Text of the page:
Technofeary – Why Tomorrow’s World lied to me

In the last year or so my career has taken off again like a rocket. This is in no small part in thanks to my wonder wife Diane. It was her advice that led me to focus on creating an online presence, one which I am still working on. In fact this week, after a very long time avoiding what I saw as a potential time eater, I joined Twitter . So I am now as near to fully 21st Century as I can possibly be, or am prepared to be, and must admit I am having very mixed feelings about the whole process.


As I said my career has taken off again, after many years in the doldrums. I truly had no idea how much researchers now relied on the Internet to do their job in today’s media. When I did my BBC training in research for the media we all had to trawl through papers and publications, visit libraries and read books and contact experts in our or the channels contact lists, as well as use the fledging world wide web. But those days have long gone. With so much being available with the click of a mouse why would anyone waste time with any other method of research? Especially in a high pressure industry like the media. Diane kept saying to me “If you don’t exist online, you don’t exist”. I didn’t believe this, even though I should have learned by now that my wife is always right, until the BBC transmitted Are You Having A Laugh , a programme that explored the history of disability on TV in 2010. As someone played a pivotal role in the industry during the late 80’s and early 90’s, and who has a long list of “firsts” under his belt – including first disabled actor in a UK soap, first disabled presenter on mainstream kids TV, first disabled presenter on Channel 4, first disabled live continuity presenter… the list goes on but I don’t want to brag too much (yeah right) – I was most upset to see I had been left out of the show. As I always believe in not getting mad but getting even, this was what lit a fire under me and got me wanting to get back into the industry. Until this show I had decided that my time had passed and that I should wheel aside to allow newer talent to pass, knowing that my past work would always stand to show I was there. But as I had now been written out of history I had to come back, if only to prove I existed back then. (Yes this does give an insight into my psychology in a big way, but hey I know myself and have faced up to what it says about me) My wife explained that if I didn’t exist online how would anyone know about me? So together we plotted to change this, and planned for my come back….


Move forward three years and I am back. Maybe not to the level I was during the early to mid 90’s but it is harder to come back than to get there the first time I can tell you. For one thing I’m definitely no longer new talent, which is an industry obsession. But I digress. This blog is about the ever spreading new technology and the applications that it uses… and my problems with using it all! Now they mainly revolve around the fact that they are making me feel old. I remember when we got our first video recorder, which was VHS and not a Betamax… unlike us to get the right one first time. While my parents had made the correct choice more by luck than judgement, that was as far as their techno-knowledge went. They never got the timer to work, and regularly videoed the wrong program, either on the wrong side or at the wrong time. So many of my TV appearances were recorded over with Coronation Street or bad late night films too, and as a fan of all thing techie I laughed at their apparent fear of these new gadgets. As I grew into adulthood my love of technology continued. A had a studio full of electronic gizmos and keyboards covered in knobs, and ever advance in music and video players I just had to have. CDs, DVDs, Mini-Discs, DATs, and of course MP3s. I replaced my music and videos with each new advance. But then in the last few years I slowly found myself saying things I heard my parents say when fighting with the video recorder all those years ago. “Why isn’t it working?”, “What do I do again?”, and of course “Damn stupid thing” (or much, much stronger) all fell from my lips, while I fought to grasp what I was doing with some new bit of kit.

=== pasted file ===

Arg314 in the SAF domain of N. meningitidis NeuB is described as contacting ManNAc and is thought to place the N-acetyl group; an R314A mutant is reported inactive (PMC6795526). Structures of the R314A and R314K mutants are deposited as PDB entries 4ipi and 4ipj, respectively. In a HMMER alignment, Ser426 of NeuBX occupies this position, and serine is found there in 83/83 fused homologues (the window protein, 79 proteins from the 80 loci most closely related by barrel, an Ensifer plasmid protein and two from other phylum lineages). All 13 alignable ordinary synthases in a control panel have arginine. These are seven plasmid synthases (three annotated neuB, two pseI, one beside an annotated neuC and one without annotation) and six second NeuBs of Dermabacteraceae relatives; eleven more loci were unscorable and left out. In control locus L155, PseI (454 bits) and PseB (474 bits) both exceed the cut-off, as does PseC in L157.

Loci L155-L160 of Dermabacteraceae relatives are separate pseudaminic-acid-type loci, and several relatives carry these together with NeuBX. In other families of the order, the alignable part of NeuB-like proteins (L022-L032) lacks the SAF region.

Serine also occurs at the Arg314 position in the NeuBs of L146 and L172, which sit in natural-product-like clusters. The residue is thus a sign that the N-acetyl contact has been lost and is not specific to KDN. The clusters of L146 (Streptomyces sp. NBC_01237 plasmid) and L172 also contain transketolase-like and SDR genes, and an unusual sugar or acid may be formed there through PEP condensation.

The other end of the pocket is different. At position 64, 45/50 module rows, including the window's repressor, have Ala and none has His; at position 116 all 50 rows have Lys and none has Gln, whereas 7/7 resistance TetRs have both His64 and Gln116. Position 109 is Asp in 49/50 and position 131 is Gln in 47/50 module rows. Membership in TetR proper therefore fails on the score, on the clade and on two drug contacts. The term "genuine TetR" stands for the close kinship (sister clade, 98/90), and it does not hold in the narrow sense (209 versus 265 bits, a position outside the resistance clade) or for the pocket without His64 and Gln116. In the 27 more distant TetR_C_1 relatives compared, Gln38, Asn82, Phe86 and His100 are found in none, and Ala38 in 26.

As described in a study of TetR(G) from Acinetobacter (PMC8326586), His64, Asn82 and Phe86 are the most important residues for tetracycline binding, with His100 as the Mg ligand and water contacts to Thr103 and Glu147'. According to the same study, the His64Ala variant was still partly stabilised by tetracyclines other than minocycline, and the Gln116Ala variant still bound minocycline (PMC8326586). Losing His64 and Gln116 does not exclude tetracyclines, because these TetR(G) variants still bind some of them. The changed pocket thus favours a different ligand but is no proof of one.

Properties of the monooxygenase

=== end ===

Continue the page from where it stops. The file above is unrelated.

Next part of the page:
It started with my first smart phone. I had been super fine with computers. I even built them, for FUN. I now have a flat full of out of date PC’s (and piles of circuit boards and components) all of which are less powerful than my current mobile. I also have loads of software but all really old versions that are basically expensive coasters now. I suppose as I spent a while out of the game while I was ill back in the early 2000’s, meant I fell behind with technology, but in truth I feel it is something to do with the fact that more than ever before every single one of my bits of technology does so much stuff. Back in the olden days, when everything was olden times like, gadgets all tended to do one thing, and if you paid a bit more they did that thing very well. Now all of our gadgets play music, surf the web, get e-mails, are phones and texting devices, plus are cameras and video cameras and hold all of our information and all to high level of functionality. My new PC is a mammoth great beast with 16Gb of ram (my first had a measly 256mg!) and it can do everything super quick, but then so can my Dell Windows phone. But they have to be this amazing as there is so much more for them to do. My new PC is capable of editing video to the same level of a machine that would cost hundreds of thousands of pounds back in my TV days, and as for music I now have a studio that I could only have dreamed off in the 80’s all for really cheap. But all of this is also running on the same PC I do e-mails, run my diary and write this very blog on which can lead to moments where I resemble my Mum and Dad hunched over the VHS. But also let’s not forget that as well as all the things technology can do, we are all connected thanks to the social network.